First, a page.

Many of those in his lineage, like George, were slave owners. Three of his ancestors signed the Mississippi Articles of Secession, which called for the state to secede from the nation: “Our position is thoroughly identified with the institution of slavery—the greatest material interest of the world.”

Two years after the Civil War ended, Reconstruction began, and so did a reign of terror against Black Mississippians and those who supported them.

George became known as the “Great Redeemer” for his role in returning white supremacy to power after Reconstruction ended. That work culminated in the 1890 Constitution, designed to disenfranchise Black Mississippians through poll taxes and constitutional quizzes.

“There is no use to equivocate or lie about the matter,” future Gov, and U.S. Sen. James K. Vardaman declared, “Mississippi’s constitutional convention of 1890 was held for no other purpose than to eliminate the n—– from politics.”

The changes worked. Within a decade, the number of Black registered voters fell from more than 130,000 to less than 1,300. 

Other Southern states followed Mississippi’s lead, barring Black voters in every way they could. Grandfather clauses. White primaries. Violence. Voter intimidation.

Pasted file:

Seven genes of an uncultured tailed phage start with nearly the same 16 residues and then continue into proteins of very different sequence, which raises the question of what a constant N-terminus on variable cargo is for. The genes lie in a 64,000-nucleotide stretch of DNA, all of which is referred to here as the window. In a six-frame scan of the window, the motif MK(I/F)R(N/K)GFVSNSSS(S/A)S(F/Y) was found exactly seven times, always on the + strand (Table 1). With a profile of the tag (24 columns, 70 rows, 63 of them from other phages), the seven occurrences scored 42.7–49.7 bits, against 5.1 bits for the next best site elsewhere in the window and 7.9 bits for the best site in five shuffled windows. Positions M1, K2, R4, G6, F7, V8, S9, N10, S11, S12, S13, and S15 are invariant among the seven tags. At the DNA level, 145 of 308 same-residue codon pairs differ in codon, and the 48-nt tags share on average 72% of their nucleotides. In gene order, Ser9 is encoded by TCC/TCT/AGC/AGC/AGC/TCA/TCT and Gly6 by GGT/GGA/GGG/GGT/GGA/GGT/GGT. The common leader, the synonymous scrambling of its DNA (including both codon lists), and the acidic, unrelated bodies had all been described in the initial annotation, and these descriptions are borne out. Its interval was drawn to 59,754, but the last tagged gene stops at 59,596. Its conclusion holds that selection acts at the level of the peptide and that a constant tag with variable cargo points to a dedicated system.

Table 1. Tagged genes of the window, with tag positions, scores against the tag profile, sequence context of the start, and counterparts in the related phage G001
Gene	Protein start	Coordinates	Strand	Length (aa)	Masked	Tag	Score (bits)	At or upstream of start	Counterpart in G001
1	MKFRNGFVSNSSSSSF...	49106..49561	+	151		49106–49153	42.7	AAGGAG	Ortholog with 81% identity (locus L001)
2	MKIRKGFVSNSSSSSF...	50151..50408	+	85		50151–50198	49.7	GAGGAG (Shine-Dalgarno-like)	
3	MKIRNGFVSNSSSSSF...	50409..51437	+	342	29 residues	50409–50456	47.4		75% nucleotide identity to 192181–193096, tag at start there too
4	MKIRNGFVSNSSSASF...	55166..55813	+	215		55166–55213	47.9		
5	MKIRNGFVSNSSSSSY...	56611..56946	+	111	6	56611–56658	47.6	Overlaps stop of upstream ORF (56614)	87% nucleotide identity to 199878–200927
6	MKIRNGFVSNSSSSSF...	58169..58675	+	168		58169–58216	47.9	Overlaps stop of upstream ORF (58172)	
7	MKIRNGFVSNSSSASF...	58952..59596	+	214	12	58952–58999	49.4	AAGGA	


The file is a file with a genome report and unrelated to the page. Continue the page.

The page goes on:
“We cannot erase the past, but neither should we be a prisoner of it, either,” Sims said. “J.Z. George was the architect of the Jim Crow laws. I am not proud of this. … I think the statue should be removed from the Capitol because we cannot honor racial hatred.”

He said family members may not agree on whether the statue should be removed from Statuary Hall, but all agree that if that happens, the statue should come home to the Cotesworth Plantation in Mississippi.

Leslie McLemore, who helped found the Mississippi Freedom Democratic Party, said he would vote for civil rights pioneer Fannie Lou Hamer to take George’s place at Statuary Hall.

After 44 years as a sharecropper, she joined the movement and eventually captivated a nation with her story and her songs, he said. “She inspired a generation of people to get involved in the movement. To honor somebody like that is special.”

Sims said he once heard civil rights pioneer James Meredith, the first known Black American to attend the University of Mississippi, remark, “Mississippi is at the center of the universe, the center of the racial issue, the center of the poverty issue.”

Those words struck a chord with Sims. “I thought, ‘Wow, Mississippi could be the center of something.’”